As Lawfare readers surely know by now, during Wednesday's third presidential debate there was this exchange (Transcript via New York Times):
CLINTON: ... that the Russians have engaged in cyberattacks against the United States of America, that you encouraged espionage against our people, that you are willing to spout the Putin line, sign up for his wish list, break up NATO, do whatever he wants to do, and that you continue to get help from him, because he has a very clear favorite in this race.
So I think that this is such an unprecedented situation. We’ve never had a foreign government trying to interfere in our election. We have 17 — 17 intelligence agencies, civilian and military, who have all concluded that these espionage attacks, these cyberattacks, come from the highest levels of the Kremlin and they are designed to influence our election. I find that deeply disturbing.
WALLACE: Secretary Clinton...
CLINTON: And I think it’s time you take a stand...
TRUMP: She has no idea whether it’s Russia, China, or anybody else.
CLINTON: I am not quoting myself.
TRUMP: She has no idea.
CLINTON: I am quoting 17...
TRUMP: Hillary, you have no idea.
CLINTON: ... 17 intelligence — do you doubt 17 military and civilian...
TRUMP: And our country has no idea.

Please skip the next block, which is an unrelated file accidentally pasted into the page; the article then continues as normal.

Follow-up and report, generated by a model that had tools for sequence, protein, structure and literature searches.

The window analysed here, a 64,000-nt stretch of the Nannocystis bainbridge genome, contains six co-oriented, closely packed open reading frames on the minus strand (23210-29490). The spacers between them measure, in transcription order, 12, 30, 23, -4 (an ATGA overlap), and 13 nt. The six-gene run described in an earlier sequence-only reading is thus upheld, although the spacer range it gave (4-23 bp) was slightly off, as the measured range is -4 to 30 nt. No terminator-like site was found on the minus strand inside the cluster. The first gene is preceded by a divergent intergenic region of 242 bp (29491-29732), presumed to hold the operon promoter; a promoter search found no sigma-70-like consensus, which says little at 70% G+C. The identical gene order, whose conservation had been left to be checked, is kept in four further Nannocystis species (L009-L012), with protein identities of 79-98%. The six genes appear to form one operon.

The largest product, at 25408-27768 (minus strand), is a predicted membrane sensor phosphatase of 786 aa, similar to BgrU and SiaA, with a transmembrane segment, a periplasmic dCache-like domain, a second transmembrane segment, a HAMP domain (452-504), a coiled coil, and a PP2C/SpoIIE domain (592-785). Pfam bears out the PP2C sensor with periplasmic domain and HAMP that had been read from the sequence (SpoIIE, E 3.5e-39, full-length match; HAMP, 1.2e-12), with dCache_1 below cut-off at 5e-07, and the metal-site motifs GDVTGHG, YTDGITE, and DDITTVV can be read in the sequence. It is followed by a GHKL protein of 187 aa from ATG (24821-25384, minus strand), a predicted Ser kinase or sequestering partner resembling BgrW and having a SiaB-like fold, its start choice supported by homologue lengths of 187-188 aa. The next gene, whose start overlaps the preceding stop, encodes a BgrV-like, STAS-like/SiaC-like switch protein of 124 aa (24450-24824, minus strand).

CLINTON: ... agencies.
TRUMP: Yeah, I doubt it. I doubt it.
Let’s take Trump at his word. Why, exactly, does he doubt that Russia is behind the recent election-related cyberattacks?
I posed a few questions on Twitter Thursday, exploring this question:
A few thoughts on Trump's debate position rejecting USIC assessment that Russia behind election-related cyber activities...
Does he have actual info revealing why the USIC is wrong?
Have his advisors told him there is a reason to be skeptical? Have reporters asked Gen. Flynn and others?
Does he reject USIC assessments on other issues unrelated to Russia? Which ones? If not, why only Russia-related issues?
Does he not believe the DNI because the DNI is an Obama Administration political appointee?
Does he understand that the DNI-DHS assessment is the considered/consensus view of the USIC?
Does he believe - as some might - that post WMD Iraq the USIC is simply unreliable?
If he believes the USIC is unreliable or ineffective, does he plan to significantly reduce the USIC budget?
To expand on these questions and points, briefly:
It seems unlikely that Trump actually has some specific information that contradicts what the Intelligence Community has stated publicly. If he did, there’s nothing about the manner in which he has conducted his campaign to suggest that he wouldn’t use that information to discredit U.S. government officials, particularly those that are appointees of the current administration.
So the more likely explanation for his rejection of the Intelligence Community’s assessment is one of two things: either he i) simply has an extreme inherent skepticism about any information that originates from the Intelligence Community; or, ii) he affirmatively chooses not to accept this particular assessment that Russia is behind the attacks, but he won’t explain to the public why he does not accept it.
It’s one or the other. And neither previews a presidency that would put America in a good place - let alone "first" - when it comes to national security. Instead, if he were to abandon intelligence collection, reject most or all intelligence assessments, or simply govern wholly based on his own experience and gut instincts, he would put America at risk.